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Del Campo Student Faces First-Time Voting Choices in Presidential Election

Like many first-time voters, Cameron Purcell is being asked to vote on a number of issues he's only beginning to fully understand.

Del Campo High School senior Cameron Purcell will be voting in his first presidential election and he remains solidly undecided which way he will be casting that vote.

The high school football player and AP government student has listened to the debates and remembers a 2008 election where the youth vote received a lot of coverage in mainstream media. Purcell explained that despite his lack of voting experience, the young voter understands that his vote will be the culmination of informed decision-making based partly on the way the issues directly impact him.

“I don’t know if I’m as educated as I should be at this point, but through the class we’ve watched the [presidential] debates and we have open discussions with people sharing their opinions,” Purcell said.

Being a high school student presents Purcell with a unique opportunity. It’s an opportunity and a responsibility, he said.

Purcell's AP government professor, Michael Gordon, explained much of what he has taught Purcell and other students is based on a pre-approved curriculum and many of the conclusions his students draw are based on their interpretation of that material.

“We have a textbook, but we’re not in it a lot,” Gordon said. “It’s mostly supplemental reads and concepts, but by taking the class and understanding the class, I find they are more prepared individuals to be successful in society from a civic perspective.”

Gordon, a former healthcare researcher under the Clinton administration, received his education from Northeastern University in Boston where his academic adviser was former Massachusetts Governor and presidential nominee Michael Dukakis. Gordon also did an internship with U.S. Senator Ted Kennedy. The high school chair of the social sciences department tries to share the, “realness in politics one doesn’t typically find in textbooks.”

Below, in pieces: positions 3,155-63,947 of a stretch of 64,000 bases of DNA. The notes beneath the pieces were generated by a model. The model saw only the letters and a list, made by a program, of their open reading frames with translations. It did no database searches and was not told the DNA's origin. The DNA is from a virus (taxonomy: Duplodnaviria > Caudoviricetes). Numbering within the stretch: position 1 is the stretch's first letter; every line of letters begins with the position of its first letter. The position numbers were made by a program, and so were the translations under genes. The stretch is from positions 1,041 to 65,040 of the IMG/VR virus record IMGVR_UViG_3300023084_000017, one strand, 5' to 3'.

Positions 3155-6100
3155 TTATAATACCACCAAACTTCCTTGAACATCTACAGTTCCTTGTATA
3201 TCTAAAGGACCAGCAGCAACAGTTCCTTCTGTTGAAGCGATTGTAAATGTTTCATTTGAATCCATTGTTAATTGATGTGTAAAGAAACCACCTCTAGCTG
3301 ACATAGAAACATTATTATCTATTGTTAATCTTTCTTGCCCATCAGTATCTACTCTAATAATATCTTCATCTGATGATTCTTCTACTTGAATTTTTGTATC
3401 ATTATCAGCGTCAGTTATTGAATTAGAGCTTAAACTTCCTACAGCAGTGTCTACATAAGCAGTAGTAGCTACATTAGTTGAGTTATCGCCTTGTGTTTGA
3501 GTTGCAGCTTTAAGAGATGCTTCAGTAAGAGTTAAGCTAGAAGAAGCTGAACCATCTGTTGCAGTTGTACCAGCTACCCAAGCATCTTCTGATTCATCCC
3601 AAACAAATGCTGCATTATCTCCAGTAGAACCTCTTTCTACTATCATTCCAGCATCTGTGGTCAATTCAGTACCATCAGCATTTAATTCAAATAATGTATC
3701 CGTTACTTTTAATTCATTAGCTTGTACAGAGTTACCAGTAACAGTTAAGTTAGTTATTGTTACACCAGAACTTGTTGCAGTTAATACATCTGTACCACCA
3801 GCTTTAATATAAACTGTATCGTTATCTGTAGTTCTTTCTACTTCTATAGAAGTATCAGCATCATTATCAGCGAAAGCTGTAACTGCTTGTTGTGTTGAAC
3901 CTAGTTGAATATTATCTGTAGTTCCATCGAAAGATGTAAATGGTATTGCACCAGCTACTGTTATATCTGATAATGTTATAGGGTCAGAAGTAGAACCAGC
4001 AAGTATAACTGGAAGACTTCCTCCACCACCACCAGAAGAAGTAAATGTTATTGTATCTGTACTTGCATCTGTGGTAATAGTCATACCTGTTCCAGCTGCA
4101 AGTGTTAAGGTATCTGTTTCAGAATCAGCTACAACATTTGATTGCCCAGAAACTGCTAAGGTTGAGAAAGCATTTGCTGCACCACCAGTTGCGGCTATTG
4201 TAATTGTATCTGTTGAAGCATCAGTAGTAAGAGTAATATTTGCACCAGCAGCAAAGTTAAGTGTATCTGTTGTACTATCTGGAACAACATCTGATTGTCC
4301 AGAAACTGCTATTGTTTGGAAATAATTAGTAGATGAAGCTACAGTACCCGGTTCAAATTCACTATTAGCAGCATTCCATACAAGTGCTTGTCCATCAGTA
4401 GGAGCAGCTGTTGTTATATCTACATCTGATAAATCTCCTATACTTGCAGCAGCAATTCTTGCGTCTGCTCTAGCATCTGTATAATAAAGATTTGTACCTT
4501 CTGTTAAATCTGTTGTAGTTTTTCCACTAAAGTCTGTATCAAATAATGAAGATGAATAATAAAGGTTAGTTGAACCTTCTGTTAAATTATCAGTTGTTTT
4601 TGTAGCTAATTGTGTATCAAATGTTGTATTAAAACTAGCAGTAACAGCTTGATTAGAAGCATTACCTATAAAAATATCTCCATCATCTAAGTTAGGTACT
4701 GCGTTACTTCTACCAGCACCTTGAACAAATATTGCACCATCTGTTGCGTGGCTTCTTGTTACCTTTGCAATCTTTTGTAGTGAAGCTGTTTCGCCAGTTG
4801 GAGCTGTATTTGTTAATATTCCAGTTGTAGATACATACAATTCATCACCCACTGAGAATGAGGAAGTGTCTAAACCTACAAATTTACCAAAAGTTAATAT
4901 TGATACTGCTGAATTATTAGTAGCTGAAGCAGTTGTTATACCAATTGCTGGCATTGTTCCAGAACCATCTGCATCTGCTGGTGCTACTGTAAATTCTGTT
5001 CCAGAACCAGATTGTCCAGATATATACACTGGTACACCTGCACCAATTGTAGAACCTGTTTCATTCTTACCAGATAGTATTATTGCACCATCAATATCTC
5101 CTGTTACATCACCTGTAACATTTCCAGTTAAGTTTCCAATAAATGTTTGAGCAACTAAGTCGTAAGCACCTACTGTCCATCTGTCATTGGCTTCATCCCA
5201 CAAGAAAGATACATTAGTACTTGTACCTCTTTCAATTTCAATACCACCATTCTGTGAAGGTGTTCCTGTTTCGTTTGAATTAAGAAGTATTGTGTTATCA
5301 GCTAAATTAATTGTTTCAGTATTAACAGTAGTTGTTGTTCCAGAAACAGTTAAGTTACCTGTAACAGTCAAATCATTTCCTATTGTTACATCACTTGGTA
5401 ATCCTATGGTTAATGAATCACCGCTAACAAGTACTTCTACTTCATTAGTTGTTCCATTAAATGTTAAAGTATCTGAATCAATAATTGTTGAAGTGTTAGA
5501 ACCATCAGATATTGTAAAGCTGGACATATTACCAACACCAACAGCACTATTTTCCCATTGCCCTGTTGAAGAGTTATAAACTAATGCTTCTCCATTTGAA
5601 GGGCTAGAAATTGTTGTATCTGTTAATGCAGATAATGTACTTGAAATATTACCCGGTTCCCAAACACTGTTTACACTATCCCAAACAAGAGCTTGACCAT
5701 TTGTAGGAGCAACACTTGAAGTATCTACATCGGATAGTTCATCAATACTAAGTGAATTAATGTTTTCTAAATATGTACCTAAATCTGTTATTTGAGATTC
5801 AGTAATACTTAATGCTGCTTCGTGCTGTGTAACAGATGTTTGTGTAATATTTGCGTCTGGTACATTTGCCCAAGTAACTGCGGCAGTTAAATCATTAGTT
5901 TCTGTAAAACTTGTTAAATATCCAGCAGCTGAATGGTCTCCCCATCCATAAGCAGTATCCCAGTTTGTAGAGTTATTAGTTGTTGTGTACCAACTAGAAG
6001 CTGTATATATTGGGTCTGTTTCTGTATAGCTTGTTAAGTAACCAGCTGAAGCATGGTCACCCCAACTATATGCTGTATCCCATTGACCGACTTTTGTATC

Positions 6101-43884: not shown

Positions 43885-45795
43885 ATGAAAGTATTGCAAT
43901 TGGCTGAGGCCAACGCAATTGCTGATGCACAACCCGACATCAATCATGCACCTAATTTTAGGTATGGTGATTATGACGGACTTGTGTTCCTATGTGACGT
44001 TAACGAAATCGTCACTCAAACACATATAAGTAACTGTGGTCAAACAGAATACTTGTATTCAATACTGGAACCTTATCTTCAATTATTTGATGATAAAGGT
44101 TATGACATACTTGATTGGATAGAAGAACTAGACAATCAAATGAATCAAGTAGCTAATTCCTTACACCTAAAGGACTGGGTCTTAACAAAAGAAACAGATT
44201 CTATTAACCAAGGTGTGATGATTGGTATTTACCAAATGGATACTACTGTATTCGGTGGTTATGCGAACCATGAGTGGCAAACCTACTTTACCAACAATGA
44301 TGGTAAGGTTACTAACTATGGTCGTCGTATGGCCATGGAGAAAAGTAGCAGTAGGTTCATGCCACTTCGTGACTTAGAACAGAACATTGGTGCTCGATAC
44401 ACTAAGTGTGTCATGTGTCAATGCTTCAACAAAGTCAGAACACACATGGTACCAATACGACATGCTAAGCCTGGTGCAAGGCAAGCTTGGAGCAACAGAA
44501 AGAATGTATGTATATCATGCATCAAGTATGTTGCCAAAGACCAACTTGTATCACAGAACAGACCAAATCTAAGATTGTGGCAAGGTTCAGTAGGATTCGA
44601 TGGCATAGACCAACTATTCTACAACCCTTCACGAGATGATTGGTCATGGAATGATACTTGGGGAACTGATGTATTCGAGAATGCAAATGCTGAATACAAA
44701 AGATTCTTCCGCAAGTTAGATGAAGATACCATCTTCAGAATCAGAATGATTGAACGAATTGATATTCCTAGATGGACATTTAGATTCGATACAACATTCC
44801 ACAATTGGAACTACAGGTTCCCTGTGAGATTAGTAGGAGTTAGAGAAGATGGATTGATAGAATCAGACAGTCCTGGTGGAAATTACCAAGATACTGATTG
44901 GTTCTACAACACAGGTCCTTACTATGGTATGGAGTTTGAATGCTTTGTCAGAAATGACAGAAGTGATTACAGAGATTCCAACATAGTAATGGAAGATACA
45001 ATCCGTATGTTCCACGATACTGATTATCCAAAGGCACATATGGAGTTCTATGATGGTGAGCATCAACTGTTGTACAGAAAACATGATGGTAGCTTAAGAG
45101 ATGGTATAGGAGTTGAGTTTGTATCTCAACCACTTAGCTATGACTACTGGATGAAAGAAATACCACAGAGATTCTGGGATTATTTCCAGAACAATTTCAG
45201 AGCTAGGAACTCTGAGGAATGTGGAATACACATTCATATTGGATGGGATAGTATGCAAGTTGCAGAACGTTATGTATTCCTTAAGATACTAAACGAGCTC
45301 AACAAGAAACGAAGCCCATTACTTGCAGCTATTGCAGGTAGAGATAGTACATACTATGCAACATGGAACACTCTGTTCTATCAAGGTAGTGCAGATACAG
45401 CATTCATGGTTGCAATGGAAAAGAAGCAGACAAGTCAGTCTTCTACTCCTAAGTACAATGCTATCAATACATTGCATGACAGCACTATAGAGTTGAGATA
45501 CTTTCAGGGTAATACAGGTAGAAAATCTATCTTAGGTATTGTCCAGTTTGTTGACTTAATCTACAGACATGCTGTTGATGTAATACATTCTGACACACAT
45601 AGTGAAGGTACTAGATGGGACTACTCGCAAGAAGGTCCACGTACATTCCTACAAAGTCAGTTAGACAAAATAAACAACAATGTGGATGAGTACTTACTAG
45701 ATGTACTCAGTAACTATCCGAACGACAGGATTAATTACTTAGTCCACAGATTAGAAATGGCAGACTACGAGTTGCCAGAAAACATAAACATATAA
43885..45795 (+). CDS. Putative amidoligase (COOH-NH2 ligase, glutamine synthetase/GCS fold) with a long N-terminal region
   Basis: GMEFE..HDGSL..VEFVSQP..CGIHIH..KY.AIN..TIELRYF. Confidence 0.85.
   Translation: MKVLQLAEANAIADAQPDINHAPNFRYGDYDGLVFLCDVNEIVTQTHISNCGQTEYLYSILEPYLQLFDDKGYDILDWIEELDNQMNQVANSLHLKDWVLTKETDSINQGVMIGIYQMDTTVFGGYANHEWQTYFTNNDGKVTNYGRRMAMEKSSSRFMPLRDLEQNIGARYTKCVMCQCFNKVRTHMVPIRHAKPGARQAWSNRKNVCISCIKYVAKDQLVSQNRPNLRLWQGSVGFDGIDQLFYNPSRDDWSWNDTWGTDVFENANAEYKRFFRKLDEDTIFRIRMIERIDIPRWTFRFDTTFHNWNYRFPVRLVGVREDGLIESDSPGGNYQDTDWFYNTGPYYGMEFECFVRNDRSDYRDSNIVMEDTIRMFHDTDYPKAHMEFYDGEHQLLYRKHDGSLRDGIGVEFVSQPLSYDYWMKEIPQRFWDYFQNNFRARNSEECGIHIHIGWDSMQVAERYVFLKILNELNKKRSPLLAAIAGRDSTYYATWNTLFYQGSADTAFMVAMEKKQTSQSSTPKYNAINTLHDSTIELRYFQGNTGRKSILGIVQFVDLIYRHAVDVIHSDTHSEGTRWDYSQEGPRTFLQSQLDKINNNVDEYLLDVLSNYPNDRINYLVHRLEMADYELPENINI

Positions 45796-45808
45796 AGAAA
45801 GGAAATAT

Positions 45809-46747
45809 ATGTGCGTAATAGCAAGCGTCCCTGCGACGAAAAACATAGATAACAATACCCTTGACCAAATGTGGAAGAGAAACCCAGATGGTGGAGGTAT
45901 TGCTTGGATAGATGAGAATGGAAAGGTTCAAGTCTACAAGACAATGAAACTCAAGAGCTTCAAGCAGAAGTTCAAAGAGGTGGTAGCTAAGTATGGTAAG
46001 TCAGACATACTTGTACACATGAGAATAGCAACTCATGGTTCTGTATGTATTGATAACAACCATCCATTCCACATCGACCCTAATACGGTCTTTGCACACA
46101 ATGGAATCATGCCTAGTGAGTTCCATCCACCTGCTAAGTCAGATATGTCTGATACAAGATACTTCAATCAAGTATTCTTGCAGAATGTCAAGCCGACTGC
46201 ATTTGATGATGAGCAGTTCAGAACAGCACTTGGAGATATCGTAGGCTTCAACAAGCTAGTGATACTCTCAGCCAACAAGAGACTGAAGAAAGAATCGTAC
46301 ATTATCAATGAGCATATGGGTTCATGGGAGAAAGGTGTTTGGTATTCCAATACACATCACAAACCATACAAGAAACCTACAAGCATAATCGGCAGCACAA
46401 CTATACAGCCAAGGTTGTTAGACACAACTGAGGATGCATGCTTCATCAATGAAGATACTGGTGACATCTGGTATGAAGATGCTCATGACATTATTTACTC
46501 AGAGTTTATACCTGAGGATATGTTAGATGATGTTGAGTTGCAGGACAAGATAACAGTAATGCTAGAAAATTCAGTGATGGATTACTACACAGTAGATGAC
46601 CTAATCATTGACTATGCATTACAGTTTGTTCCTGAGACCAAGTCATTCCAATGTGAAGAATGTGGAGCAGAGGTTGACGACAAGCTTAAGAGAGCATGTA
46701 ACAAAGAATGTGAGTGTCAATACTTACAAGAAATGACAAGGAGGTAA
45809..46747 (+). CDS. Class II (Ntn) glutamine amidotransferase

“Through those stories they develop a greater interest in the subject matter because it’s a little more real,” Gordon said.

Purcell, who turns 18 years old on Oct. 25, sat down with Patch to talk about the choices he’s confronting and how his perceptions will ultimately influence his vote.

What issue(s) facing our country do you see taking priority?

I think the economy is taking the forefront at this point. With me going to college next year I see that as a big issue as I figure out where I’m going to find money to pay for it.

With the way the debates have been playing out, what has your class been talking about?

We’ve noticed that the candidates definitely avoid questions — I mean a lot of questions. They might start by answering the question, but then they really go off topic and start saying what they need to say. It hasn’t been very controlled, as we feel. There has been a lot of interrupting, a lot of accusing. At least that’s what we’ve been focusing on.

When you hear that, what kind of reaction do you have?

I think we feel like it should be a little more focused on their views and what they’re going to do rather than trying to put down the other candidate.

If there were questions you could ask either candidate, which come to your mind?

I’d probably ask something along the lines of how I’m going to find ways to pay for college and how I can find grants to help pay for college.

Do you think either candidate has a better solution or one that goes more in line with the way you think?